The former head of state of Cambodia’s Khmer Rouge has been rushed to hospital in Phnom Penh suffering from high blood pressure.
Khieu Samphan, 76, was taken to hospital on Wednesday from his detention cell in the Cambodian capital.
His condition was not considered extremely urgent “but necessitated attention” given his medical history, a United Nations spokesman said.
A UN-backed tribunal has charged Khieu Samphan with crimes against humanity and war crimes, and has detained him since November last year.
Stress from working on a book brought on Samphan’s high blood pressure, the tribunal spokesman said.
His hospitalisation came as the tribunal was hearing an appeal by Ieng Thirith, another former senior Khmer Rouge leader, against her continued pre-trial detention.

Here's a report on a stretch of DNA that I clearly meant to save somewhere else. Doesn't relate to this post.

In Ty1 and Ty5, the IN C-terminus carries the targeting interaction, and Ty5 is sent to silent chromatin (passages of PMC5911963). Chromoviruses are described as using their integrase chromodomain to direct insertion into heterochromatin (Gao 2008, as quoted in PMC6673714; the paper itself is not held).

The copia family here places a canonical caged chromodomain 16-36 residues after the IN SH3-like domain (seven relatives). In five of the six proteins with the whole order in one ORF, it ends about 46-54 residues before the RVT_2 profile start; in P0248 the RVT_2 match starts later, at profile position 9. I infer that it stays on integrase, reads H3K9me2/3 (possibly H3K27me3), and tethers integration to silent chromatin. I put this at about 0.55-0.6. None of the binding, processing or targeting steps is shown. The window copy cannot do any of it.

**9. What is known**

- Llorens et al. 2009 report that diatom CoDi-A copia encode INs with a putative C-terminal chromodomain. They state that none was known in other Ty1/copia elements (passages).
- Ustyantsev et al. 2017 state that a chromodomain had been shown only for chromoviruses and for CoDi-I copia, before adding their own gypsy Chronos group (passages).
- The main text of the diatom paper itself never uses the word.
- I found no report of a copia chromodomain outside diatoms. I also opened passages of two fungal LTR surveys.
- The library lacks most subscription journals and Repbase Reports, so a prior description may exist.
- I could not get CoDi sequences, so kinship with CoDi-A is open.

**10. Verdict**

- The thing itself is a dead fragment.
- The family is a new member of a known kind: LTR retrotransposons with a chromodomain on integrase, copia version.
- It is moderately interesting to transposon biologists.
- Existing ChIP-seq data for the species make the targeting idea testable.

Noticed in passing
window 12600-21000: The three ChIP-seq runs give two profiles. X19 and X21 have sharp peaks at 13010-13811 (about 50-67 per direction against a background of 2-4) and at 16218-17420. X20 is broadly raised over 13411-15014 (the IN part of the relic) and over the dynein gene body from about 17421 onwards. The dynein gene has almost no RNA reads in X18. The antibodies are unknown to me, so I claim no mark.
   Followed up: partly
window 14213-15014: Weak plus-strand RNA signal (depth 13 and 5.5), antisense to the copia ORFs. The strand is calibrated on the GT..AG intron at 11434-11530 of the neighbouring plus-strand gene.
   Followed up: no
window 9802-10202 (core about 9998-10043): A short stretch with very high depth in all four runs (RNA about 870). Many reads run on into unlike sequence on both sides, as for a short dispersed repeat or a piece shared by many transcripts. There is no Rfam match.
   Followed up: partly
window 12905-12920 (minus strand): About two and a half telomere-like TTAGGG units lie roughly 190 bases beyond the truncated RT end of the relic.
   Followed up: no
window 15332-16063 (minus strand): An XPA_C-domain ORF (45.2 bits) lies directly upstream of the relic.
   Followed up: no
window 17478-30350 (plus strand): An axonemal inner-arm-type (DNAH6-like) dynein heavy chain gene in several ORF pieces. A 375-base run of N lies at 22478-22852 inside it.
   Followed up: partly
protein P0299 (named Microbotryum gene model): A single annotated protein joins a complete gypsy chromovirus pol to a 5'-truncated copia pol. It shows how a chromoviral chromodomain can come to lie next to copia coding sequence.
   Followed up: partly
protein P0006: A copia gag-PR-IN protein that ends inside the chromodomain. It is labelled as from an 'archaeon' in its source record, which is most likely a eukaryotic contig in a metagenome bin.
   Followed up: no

Ieng Thirith was the sister-in-law of Pol Pot, the Khmer Rouge’s deceased supreme leader.
She and Khieu Samphan are among five suspects facing trial for their alleged roles in the death of up to two million Cambodian’s during the Khmer Rouge rule over the country in the 1970s.
Known as the “first lady”, the former social affairs minister was arrested last November along with her husband Ieng Sary, the regime’s foreign minister.
The Cambodian lawyer for the 76-year-old Ieng Thirith has cited a lack of evidence for detaining her and said she suffers from chronic illnesses.
However, court officials say doctors have deemed her fit to stand trial.
The first formal trials under the much-delayed tribunal are expected to begin later this year.
However, critics have said the process is fast running out of time, with the few surviving former Khmer Rouge leaders in poor health.